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Keith Johnson, Deseret News
Mike Osthoff, with Dealers Auto Transport, gets ready Tuesday for a trip delivering cars. High fuel prices have made an impact on his income, Osthoff says.

Julia and Lari Tadehara of Murray sank their life savings into their car-hauling business. They were losing $5,000 a month in recent months and finally parked the truck just weeks ago.

"You've got to get real; it's just not working," Julia Tadehara recalls telling herself. Their 10-vehicle car-hauler is in a repair shop for maintenance before the Tadeharas sell it to recover some money.

Business became difficult for them beginning this past December, when the price of diesel fuel began to spike. Complicating the problem was the fact that fewer cars are being transported across the United States in the current economic downturn.

"We were making enough to pay for fuel, but not enough for the driver, and nothing came to us," she said.

A year ago, the national average price for a gallon of diesel fuel was $3 per gallon. Diesel is now about $4.78 a gallon, and in some states, it's past $5 a gallon. The result is that at least 935 truckers nationwide have gone out of business in the first part of this year, according to a recent study, and the numbers could rise.

Independent drivers and small companies cannot easily absorb the rising cost of fuel, because they can't buy fuel in bulk at wholesale rates or afford trucks with better technology to control speed and other functions, like the large companies do, said David Creer, executive director for the Utah Trucking Association, which represents about 400 national and local trucking companies, such as C.R. England and FedEx Freight.

The small companies also tend to log more "empty miles" — miles driven without paid freight. The truckers that remain in the industry are having to make adjustments to survive.

Some companies have tacked on fuel surcharges — which become noticeable to consumers when prices for food and clothing rise.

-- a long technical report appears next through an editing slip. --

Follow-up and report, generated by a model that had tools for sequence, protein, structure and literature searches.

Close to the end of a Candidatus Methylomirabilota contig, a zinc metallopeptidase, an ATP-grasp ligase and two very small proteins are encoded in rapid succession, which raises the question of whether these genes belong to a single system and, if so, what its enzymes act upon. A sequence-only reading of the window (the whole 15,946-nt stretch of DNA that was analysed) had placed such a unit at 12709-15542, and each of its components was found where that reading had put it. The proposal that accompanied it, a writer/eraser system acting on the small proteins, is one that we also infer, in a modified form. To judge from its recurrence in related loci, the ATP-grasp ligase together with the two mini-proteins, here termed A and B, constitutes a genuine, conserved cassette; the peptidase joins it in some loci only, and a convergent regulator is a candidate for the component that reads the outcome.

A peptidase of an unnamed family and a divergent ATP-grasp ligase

About 70 percent of the goods Americans use are delivered by trucks, Creer said. In some communities in the West, it's nearly 100 percent, because of isolation and fewer rail lines.

"I think there's plenty of capacity to move the goods we need," Creer said. "The bigger issue right now is the cost of moving those goods. And that's going to be the tough one for everyone to swallow. The increase in freight charges increases costs of all goods. It won't be as competitive of a market, of course, if you have less (trucks) out there."

Dwindling profits

The Tadeharas started their business with high hopes. They began in 2003, shortly after Lari Tadehara became disabled and could no longer work. They hired a driver and hoped the car-hauling business would provide extra income. The business did so well that they purchased a second truck, later selling it because of the high loan payments.

But the Tadeharas couldn't break even on some trips in recent months because of the price of fuel. For a trip to haul cars to San Francisco, they were offered $450, and with current prices, fuel would have cost at least $592.

The truck got good fuel mileage — 5 1/2 to 6 miles a gallon, considered enviable when a car-hauler is transporting 80,000-pound vehicles. But the Tadeharas also had to pay for insurance, maintenance, registrations and other costs. The way the Tadeharas figured it, it cost $1.87 a mile to transport cars, and they needed $2.50 a mile to make money.

Now that they are out of the car-hauling business, the Tadeharas are looking for another way to supplement Julia's income at Louise Gardens nursery. A mechanic by trade, Lari Tadehara is considering starting a company that would convert car engines to burn natural gas.

Of the 935 trucking companies that went out of business in first quarter of 2008, most averaged 45 trucks, higher than the last wave of trucking-business failures in 2000 and 2001, when companies averaging 20-35 trucks went out of business, according to a report by research firm Avondale Partners LLC.

"This, in our mind, suggests an ever-widening gap between the 'haves' and the 'have nots' in the industry," wrote analyst Donald Broughton.

The actual number of trucking companies that went out of business is probably more than 935, because Broughton collected data from creditors and didn't count many companies with one to three trucks.

In addition to the out-of-business trucking companies, more than 42,000 trucks — about 2.1 percent of the nation's over-road, heavy-duty truck capacity — were idled in the first quarter of this year as fuel prices rose.

Trucking companies have struggled because of higher prices on all fronts except for labor, Broughton said. Re-licensing and insurance costs at the beginning of the year pushed companies "that were teetering on failure, over the edge."

Freight brokers, the companies that arrange loads for truckers to pick up and deliver, have become aggressive in pricing. But some shippers, the companies that produce goods for truck delivery, have refused to pay fuel surcharges. And some brokers have not passed on the fuel surcharges to the truckers, Broughton said.

Adapting to change

These days, profits are so tight in Richard Mackay's trucking business that he deducts money from his driver's paycheck when he doesn't achieve 5 miles to the gallon.